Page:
This section is from the book "The Native Flowers And Ferns Of The United States ", by Thomas Meehan. Also available from Amazon: The Native Flowers and Ferns of the United States in Their Botanical, Horticultural, And Popular Aspects.
Root a deep tuber; stems six to ten inches long, simple; leaves mostly two, linear-lanceolate, an opposite pair near the middle of the stem, from three to nine inches in length; flowers pale red, with purple veins, usually six to twelve, or even fifteen, in a loose, simple, terminal raceme. (Darlington's Flora Cestrica. See also Gray's Manual of the Botany of the Northern United States, Chapman's Flora of the Southern United States, and Wood's Class-Booh of Botany.)
N the early part of the last century, when Linnaeus had just succeeded in reducing botany from a mass of confusion to something like order, the native flowers of our own country were beginning to attract the attention of the scientific men of Europe. The Dutch botanists had established close relationship with Americans, and as early as 1739 Gronovius published at Leyden a "Flora Virginica," the figures and descriptions for which were furnished by John Clayton, of Vir-ginia, who did wonders, for that early period, in making our native plants known. At the same time, John Bartram, farmer, physician, mechanic, and botanist, who lived in Pennsylvania, was in active correspondence with England, and sent roots and seeds to his friends there.
In view of the eminent services which Clayton rendered to American botany, it is very fitting that a genus so interesting and so peculiarly American as the one to which our plant belongs should have been named in his honor. Nor is there much clanger that the monument thus erected to Clayton's memory will ever be destroyed, as has been the case with so many similar monuments dedicated to other botanists, for the genus Claytonia is so distinct in character that there is little chance of its ever being merged in some other genus.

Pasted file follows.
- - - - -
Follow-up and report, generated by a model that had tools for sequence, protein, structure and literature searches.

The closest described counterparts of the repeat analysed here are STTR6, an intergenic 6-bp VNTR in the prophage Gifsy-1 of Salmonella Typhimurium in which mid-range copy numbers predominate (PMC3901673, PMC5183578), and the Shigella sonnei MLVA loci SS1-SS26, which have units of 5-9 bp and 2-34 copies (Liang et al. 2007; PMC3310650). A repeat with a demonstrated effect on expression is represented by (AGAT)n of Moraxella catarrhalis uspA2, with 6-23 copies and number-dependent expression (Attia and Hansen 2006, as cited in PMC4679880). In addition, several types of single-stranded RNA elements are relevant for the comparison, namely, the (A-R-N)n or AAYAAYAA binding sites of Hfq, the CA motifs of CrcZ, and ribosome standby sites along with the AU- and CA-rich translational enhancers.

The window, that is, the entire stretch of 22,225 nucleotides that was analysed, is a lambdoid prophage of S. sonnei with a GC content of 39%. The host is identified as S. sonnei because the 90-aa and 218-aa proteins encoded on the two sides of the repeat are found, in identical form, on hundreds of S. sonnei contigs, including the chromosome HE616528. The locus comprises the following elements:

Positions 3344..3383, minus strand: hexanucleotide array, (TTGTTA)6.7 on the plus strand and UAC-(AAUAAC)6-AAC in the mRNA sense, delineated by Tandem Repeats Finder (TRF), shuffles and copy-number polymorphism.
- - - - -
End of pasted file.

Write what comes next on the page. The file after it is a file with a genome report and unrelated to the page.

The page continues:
There are about twenty species of Claytonia known at present, according to the most recent enumeration, and these are chiefly natives of Northwestern America, or of Siberia. The whole order of Portidacaceae indeed, to which our genus belongs, has but few representatives in the European flora. At the time of Linnaeus only two species of Claytonia were known, - C. Sibirica, from Eastern Asia, and our American plant, the first acquaintance with which must have been a delightful surprise to Europeans. Certain it is that they took great pleasure in it after it had once been made known to them. Dr. Fothergill, in a letter written to John Bartram in 1772, boasted that he possessed what he believed to be the only plant of Claytonia Vircinica in "all England." Old Peter Collinson was before him, however, for in Darlington's "Memorials" we find a letter, dated April 10, 1767, in which he records the fact that his Claytonia had flowered on April 5.
Many tuberous-rooted plants produce new tubers every year, and the old ones die; in others, on the contrary, the tubers, as thickened root-stocks, live on from year to year, and continue to increase in size. We have had no opportunity, however, to ascertain the facts in the case of our plant, but as far as we have examined the roots, they seem to us to have very much the appearance of being perennial. They are usually very deep in the ground, and we dare say that, to many hundreds of those who go out to gather and admire wild flowers, we shall here be introducing the roots for the first time.
In English works we find the plant spoken of as the "Notch-petal'd Claytonia"; but in American works it is called "Spring-Beauty," with a unanimity quite unusual in the application of common names. It is certainly worthy of the name, for it is very beautiful, and although not the first to flower, it is yet among the earliest harbingers of spring, and gives a great charm to woods and shaded places in April and May. We gathered the specimen from which our drawing was made in the early part of May in a wood, where it grew in company with anemones, ranunculus, and other early plants.